Foreign Policy Digital

U.S. Intervention Could Be Maduro’s Lifeline

Attempts at regime change have backfired on Washington before.

Once one of Latin America’s longest-running democracies and the country with the largest proven crude oil reserves in the world, Venezuela has been driven to the brink of collapse by years of economic mismanagement, rampant corruption, and mounting authoritarianism by President Nicolás Maduro’s government.

Starvation and malnutrition are now widespread. Years of recklessly printing money have rendered Venezuela’s currency practically worthless. Hyperinflation reached 1.3 million percent last year and could reach 10 million percent this year, according to the International Monetary Fund. More than 3 million Venezuelans have already fled the country in Latin America’s largest-ever refugee exodus, sparking humanitarian crises in neighboring states. On Jan. 23, U.S. President Donald Trump declared that “all options are on the table” if Maduro used force to put down the protests that have swept the country in the last few weeks.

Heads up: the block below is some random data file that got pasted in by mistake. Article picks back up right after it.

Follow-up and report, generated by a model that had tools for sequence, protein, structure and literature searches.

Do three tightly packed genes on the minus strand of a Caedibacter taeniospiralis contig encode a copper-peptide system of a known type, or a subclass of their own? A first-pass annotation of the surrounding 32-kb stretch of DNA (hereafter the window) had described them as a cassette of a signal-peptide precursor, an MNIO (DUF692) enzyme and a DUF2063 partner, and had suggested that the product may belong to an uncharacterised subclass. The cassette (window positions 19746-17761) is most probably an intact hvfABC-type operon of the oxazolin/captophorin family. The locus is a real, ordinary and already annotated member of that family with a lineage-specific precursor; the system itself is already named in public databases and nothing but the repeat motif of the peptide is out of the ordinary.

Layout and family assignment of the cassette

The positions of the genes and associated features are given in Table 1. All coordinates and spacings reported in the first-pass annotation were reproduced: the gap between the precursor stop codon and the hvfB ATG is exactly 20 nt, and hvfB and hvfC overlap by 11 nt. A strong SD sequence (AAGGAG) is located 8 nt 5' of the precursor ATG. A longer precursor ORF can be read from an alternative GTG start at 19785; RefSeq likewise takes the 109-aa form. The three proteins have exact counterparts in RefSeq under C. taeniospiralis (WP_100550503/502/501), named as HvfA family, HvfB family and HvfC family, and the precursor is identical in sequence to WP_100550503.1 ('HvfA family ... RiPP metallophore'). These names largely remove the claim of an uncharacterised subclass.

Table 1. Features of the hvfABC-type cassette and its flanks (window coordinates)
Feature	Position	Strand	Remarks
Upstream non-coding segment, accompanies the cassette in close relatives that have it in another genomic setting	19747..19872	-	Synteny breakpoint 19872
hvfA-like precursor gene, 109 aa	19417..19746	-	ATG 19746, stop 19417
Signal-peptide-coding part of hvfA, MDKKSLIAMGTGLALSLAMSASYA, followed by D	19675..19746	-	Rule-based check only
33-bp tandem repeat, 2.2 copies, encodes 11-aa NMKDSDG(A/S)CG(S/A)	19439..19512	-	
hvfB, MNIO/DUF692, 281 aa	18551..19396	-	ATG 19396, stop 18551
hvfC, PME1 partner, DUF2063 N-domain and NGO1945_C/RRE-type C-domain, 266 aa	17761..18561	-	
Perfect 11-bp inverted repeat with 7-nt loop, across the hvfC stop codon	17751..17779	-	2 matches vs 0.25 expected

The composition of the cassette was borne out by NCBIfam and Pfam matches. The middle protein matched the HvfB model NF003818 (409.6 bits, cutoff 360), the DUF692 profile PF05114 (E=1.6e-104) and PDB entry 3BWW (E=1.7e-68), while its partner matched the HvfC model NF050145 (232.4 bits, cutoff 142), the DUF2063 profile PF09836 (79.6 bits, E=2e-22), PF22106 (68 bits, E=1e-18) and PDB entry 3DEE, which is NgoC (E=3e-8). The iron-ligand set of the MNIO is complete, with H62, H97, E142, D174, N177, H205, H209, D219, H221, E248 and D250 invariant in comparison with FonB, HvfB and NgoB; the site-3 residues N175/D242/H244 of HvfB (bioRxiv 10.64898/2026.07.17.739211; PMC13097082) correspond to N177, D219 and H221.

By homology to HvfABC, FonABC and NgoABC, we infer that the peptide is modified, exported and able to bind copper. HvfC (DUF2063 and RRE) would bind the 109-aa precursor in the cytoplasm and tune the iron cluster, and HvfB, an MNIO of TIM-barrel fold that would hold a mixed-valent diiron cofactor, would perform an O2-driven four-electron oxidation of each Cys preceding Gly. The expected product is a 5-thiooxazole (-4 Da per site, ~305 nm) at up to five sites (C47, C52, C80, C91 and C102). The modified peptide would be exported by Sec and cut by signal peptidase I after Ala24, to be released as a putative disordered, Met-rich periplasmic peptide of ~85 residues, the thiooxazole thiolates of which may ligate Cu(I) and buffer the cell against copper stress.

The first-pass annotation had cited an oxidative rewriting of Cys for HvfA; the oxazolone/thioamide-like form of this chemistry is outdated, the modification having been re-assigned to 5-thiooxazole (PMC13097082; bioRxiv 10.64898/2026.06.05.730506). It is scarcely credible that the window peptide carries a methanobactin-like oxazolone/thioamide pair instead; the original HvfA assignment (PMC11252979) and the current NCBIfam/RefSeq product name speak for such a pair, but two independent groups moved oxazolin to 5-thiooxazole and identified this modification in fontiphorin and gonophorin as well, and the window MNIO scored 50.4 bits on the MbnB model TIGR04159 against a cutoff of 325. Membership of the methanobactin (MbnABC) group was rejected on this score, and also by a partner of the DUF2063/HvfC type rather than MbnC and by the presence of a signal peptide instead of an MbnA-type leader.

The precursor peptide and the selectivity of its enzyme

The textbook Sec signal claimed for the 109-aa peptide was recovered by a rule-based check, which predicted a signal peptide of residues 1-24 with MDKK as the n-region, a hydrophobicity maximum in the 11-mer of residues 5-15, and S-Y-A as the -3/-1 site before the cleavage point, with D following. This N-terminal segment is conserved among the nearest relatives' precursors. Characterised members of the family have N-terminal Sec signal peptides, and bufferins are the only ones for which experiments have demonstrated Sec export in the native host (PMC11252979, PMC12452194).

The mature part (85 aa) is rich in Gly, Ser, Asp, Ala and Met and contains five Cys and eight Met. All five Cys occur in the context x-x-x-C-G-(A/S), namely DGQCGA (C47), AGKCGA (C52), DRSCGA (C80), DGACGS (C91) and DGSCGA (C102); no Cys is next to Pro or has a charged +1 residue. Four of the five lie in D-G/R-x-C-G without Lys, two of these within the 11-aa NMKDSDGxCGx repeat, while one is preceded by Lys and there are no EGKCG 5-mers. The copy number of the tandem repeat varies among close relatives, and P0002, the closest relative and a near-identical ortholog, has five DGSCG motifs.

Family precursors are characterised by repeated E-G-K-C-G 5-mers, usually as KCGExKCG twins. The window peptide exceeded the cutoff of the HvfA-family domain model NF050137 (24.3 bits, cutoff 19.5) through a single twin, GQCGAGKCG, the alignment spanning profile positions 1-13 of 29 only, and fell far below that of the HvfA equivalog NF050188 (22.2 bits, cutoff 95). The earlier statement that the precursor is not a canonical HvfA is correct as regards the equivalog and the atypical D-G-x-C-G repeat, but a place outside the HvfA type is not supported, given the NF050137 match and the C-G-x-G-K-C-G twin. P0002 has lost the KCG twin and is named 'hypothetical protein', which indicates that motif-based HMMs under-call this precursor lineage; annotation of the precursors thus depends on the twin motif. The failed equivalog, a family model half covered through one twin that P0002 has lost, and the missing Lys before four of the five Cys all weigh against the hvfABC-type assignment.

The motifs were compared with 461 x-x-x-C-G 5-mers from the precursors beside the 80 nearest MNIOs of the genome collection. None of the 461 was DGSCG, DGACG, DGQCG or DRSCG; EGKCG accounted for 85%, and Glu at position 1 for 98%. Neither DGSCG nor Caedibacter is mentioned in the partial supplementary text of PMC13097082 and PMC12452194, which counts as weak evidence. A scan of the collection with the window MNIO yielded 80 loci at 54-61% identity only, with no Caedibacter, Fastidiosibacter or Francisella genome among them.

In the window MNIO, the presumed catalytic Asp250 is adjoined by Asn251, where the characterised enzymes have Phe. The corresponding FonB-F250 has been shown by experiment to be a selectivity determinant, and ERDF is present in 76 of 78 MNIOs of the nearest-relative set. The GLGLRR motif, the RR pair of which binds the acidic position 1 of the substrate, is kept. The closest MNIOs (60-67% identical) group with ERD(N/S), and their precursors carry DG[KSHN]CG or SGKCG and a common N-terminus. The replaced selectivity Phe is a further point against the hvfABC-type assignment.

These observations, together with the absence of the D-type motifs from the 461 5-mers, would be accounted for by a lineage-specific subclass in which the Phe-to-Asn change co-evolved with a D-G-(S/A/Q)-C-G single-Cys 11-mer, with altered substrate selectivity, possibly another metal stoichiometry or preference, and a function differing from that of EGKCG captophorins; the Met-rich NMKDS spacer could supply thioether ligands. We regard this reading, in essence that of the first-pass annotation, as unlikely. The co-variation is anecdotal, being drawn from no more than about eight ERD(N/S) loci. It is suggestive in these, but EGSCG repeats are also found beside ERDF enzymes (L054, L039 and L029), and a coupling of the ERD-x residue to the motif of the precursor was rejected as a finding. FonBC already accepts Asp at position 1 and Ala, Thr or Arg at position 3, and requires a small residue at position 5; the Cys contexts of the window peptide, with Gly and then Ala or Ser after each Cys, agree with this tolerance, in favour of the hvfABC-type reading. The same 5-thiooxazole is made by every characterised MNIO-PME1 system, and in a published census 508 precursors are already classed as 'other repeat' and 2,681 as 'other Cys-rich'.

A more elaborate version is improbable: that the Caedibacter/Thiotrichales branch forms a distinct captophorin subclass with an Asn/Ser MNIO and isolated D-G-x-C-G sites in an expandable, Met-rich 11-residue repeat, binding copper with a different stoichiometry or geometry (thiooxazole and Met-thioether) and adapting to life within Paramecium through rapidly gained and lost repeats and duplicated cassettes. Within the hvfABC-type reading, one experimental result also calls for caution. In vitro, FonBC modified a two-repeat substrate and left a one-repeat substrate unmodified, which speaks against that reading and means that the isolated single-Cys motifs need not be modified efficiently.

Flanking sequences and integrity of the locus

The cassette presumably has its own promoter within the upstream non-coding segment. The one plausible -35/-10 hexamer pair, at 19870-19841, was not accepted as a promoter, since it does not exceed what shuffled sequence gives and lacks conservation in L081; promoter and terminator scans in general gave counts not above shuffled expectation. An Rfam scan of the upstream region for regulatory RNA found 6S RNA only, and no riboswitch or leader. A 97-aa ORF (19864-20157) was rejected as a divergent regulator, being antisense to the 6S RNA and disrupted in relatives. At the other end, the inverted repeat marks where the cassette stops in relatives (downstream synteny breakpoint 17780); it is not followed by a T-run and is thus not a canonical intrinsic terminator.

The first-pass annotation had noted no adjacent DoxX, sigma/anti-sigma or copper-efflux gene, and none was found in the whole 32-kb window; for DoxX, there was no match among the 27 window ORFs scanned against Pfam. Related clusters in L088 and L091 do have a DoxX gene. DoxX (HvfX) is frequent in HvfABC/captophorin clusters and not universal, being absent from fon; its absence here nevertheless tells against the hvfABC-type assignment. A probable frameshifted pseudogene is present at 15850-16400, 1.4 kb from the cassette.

But the prospects for have followed the United States’ lead and recognized the opposition leader Juan Guaidó as Venezuela’s interim president, there are good reasons to be wary of Washington’s latest moves. The U.S. history of attempted regime change in the region and Trump’s loose language are both working against an opposition that faces a still formidable foe in Maduro’s regime.

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